Retail Mania Spurs Veteran Trader to Scour Chat Rooms and Charts
(Bloomberg) -- The turmoil in parts of the U.S. stock market caused by the WallStreetBets crowd has prompted a veteran U.S. trader to ditch his old playbook built up over decades.
Larry Peruzzi, the head of international trading at Mischler Financial Group Inc. and a more than three-decade veteran of market action, said he’s spending less time looking at stock fundamentals and a lot more time on technicals and in chat rooms.
“We are currently looking a lot less at the balance sheets and a lot more at the chat rooms, trade quickly and avoid trying to use any valuation while trading,” Peruzzi said. “It doesn’t make sense, but in 2020/2021 would we expect anything less?”
Markets have been upended in the past week as day traders swarmed over stocks like GameStop Corp. and AMC Entertainment Holdings Inc. in hopes of squeezing out short sellers. It’s worked: Melvin Capital closed out its short position and Citron Capital covered the majority of its short at a loss of 100%. That has the crowds at places like WallStreetBets newly confident, even if the activity is attracting attention from the likes of the Securities and Exchange Commission.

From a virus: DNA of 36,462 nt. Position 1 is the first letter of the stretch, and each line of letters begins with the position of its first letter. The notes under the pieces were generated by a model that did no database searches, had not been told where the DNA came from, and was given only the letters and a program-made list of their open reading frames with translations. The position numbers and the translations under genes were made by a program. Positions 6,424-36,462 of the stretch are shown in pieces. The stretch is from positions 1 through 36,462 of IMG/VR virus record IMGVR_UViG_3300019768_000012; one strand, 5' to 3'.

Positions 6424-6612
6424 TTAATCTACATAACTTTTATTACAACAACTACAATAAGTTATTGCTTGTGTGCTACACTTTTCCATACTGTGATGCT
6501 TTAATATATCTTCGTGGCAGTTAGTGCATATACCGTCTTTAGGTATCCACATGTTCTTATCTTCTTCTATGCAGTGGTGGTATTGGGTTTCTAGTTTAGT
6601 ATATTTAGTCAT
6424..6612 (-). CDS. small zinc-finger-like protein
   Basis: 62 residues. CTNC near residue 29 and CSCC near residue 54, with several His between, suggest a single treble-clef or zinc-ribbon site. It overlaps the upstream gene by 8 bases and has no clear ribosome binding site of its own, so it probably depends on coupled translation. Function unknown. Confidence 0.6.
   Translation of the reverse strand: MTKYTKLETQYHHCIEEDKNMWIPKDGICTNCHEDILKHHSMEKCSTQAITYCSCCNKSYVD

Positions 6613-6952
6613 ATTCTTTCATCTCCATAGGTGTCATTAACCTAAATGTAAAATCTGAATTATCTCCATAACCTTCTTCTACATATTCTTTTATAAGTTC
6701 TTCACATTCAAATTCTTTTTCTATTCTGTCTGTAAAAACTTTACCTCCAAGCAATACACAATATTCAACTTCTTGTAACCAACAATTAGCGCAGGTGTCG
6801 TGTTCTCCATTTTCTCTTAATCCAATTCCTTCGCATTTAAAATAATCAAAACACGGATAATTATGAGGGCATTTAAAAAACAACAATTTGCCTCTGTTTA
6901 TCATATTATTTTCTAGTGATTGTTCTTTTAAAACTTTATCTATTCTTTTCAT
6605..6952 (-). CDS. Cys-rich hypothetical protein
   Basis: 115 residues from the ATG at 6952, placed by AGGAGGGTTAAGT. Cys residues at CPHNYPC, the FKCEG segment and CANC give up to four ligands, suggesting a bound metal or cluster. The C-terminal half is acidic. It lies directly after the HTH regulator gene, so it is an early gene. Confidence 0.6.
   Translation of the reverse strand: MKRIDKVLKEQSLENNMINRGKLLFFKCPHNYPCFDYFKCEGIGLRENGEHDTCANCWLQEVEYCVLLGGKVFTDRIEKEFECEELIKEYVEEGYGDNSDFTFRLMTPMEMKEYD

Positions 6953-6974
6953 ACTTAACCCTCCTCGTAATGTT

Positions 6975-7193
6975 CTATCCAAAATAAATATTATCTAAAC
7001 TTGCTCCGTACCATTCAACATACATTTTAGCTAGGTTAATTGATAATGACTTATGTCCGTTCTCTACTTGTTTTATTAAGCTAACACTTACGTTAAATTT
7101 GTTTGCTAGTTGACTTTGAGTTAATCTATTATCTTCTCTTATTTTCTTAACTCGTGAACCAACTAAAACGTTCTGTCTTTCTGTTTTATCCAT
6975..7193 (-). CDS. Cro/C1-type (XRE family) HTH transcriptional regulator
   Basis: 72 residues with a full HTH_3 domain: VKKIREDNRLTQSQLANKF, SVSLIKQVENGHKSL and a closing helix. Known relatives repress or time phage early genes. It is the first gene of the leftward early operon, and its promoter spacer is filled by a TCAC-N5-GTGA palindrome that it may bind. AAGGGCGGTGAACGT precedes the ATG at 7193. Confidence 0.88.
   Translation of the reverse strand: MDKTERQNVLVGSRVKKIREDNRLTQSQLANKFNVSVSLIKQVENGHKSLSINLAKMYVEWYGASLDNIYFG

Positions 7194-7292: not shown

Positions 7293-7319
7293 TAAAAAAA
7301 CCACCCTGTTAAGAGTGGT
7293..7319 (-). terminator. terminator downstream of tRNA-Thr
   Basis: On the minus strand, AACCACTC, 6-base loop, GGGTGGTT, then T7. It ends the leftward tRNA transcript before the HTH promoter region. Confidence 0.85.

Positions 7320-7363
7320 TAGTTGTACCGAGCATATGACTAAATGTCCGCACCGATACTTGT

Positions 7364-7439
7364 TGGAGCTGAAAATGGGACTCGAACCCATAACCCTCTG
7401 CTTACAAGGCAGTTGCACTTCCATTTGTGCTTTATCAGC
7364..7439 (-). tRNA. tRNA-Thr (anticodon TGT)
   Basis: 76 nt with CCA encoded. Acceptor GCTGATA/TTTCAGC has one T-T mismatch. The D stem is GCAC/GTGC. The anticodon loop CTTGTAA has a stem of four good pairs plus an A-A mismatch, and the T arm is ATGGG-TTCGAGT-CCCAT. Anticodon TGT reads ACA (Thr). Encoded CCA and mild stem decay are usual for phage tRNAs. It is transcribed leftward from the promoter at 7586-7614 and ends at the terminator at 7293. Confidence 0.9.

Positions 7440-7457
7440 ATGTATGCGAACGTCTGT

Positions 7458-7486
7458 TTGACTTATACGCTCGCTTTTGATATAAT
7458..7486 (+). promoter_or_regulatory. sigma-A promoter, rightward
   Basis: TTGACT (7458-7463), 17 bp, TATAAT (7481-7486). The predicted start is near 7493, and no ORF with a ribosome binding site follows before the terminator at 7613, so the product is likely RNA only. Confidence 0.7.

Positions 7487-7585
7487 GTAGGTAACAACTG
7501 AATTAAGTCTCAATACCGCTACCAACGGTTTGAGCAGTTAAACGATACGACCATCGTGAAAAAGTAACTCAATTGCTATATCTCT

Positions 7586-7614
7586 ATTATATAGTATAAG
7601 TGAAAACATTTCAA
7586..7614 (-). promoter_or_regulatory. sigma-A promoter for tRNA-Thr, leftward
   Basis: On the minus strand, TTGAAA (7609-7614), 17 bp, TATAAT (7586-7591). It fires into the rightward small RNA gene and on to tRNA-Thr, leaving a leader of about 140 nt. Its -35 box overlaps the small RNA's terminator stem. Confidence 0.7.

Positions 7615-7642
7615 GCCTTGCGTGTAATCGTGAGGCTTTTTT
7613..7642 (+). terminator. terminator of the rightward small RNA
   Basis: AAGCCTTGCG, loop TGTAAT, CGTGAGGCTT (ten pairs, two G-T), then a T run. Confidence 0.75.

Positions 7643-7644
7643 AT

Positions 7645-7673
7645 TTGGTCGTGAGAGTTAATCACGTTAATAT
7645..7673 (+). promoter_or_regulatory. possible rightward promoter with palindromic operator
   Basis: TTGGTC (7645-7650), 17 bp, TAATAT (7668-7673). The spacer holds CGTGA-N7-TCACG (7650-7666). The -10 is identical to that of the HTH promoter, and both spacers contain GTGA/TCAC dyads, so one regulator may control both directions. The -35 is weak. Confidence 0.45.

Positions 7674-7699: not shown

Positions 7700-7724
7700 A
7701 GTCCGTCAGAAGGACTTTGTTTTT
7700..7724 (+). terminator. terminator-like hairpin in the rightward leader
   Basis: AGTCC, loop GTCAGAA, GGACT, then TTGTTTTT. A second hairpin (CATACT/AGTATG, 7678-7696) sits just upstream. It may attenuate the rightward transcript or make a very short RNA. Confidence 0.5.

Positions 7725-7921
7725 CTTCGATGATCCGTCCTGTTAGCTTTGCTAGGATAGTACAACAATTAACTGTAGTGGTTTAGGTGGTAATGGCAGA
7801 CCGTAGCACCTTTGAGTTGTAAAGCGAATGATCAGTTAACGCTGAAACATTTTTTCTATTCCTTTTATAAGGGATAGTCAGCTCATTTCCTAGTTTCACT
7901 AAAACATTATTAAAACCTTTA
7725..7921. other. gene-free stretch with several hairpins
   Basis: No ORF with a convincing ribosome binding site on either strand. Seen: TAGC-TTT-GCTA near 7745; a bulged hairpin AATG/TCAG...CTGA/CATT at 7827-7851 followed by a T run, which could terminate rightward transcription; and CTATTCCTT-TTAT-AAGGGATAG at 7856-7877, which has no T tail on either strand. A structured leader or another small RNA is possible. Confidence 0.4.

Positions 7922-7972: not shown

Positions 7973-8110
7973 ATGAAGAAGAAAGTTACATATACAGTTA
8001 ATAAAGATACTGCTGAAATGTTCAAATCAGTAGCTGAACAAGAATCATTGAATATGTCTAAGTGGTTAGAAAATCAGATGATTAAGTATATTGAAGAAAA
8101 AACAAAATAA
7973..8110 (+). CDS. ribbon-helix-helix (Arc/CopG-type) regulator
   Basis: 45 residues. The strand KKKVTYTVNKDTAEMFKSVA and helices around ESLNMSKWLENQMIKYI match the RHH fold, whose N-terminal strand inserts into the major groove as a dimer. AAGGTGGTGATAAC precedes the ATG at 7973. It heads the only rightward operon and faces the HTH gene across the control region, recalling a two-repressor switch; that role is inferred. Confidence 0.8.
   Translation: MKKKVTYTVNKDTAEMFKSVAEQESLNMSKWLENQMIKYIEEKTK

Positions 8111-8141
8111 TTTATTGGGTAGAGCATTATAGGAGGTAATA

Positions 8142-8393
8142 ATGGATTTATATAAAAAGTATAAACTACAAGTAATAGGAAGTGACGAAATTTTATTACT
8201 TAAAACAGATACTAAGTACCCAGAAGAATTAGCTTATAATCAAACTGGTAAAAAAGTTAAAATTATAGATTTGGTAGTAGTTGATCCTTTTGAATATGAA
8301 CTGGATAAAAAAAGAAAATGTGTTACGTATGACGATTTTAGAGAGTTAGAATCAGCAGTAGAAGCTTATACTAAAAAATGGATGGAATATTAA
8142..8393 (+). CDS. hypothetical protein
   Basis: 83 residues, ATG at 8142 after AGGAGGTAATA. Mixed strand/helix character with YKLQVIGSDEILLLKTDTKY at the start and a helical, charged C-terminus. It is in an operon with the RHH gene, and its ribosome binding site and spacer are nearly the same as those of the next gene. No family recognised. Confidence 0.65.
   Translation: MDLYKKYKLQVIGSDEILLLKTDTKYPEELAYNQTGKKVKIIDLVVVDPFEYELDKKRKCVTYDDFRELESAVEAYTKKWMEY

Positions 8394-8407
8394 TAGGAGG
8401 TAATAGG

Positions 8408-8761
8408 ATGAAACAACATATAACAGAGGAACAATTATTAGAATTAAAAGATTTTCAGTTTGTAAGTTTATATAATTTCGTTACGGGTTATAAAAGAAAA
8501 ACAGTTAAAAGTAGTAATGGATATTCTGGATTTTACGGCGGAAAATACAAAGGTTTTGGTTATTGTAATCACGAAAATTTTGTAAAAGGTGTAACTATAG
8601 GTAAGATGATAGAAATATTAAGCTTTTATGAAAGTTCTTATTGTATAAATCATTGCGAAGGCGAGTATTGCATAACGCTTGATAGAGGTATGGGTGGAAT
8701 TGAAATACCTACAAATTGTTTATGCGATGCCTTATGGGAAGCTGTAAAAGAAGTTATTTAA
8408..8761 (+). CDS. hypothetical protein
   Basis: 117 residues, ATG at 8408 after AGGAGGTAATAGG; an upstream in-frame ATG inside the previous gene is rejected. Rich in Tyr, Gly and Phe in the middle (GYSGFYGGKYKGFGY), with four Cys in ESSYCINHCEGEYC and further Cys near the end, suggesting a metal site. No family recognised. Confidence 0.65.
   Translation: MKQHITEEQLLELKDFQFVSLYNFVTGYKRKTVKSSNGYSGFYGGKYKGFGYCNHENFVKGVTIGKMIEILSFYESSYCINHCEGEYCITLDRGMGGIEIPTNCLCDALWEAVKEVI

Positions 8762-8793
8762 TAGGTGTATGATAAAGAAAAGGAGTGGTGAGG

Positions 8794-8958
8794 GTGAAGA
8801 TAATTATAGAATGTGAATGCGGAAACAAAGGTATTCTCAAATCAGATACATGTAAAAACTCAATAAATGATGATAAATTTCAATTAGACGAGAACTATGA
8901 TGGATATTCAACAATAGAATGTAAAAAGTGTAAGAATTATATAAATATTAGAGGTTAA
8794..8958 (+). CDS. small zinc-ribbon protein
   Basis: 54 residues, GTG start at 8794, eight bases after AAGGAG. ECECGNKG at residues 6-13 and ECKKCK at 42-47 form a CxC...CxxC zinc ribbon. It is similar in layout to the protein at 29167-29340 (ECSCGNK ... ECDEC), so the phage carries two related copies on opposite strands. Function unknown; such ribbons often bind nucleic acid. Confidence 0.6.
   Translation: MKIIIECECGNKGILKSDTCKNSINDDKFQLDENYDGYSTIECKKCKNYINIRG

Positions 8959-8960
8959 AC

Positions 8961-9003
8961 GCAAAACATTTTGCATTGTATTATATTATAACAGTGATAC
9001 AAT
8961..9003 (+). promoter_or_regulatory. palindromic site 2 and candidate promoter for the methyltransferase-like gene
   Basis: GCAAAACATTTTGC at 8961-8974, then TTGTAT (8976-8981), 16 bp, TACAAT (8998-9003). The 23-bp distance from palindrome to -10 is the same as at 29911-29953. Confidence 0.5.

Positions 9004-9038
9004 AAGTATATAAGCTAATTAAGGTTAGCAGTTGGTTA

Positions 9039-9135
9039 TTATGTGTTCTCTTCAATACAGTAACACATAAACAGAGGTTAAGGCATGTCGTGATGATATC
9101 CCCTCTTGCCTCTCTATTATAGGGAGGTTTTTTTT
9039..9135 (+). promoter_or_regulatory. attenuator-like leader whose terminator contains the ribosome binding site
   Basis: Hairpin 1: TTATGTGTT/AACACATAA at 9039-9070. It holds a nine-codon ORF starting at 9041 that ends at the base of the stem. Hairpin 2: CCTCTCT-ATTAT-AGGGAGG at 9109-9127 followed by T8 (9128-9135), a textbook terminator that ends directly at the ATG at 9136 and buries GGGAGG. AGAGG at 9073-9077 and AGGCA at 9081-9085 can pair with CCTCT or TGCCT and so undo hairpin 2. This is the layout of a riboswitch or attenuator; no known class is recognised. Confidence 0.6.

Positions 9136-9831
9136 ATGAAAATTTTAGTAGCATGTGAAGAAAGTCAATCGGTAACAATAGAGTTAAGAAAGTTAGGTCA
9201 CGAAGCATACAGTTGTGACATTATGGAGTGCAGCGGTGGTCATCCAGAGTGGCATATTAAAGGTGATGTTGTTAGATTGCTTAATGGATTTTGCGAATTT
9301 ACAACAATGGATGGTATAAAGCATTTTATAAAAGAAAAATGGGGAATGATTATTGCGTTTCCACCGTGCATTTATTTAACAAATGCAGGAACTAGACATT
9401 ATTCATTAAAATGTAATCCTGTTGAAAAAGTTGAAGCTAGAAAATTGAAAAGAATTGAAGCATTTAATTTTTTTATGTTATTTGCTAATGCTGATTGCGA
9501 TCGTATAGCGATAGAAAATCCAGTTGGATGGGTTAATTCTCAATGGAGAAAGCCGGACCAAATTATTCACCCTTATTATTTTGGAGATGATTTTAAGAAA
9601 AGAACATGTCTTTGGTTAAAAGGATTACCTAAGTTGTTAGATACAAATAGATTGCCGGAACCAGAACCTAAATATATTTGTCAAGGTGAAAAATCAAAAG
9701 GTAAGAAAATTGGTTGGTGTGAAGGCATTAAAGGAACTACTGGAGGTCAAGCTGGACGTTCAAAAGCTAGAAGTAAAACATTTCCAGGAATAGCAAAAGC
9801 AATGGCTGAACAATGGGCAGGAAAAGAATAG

Historically, institutional investors tended to welcome retail traders because they added liquidity into the markets, Peruzzi said. But now it’s causing major trading and liquidity issues, and speculation is growing that funds could be forced to sell some holdings to meet margin calls, he added.
For now, there is a silver lining, at least for the companies whose stocks are being boosted by all the activity, Peruzzi said.
“Most of these firms are fallen angels and many are living on borrowed time,” he said. “The positive in all of this irrational trading is if these firms are able to act quickly, additional share offerings could give them the much needed capital to survive.”
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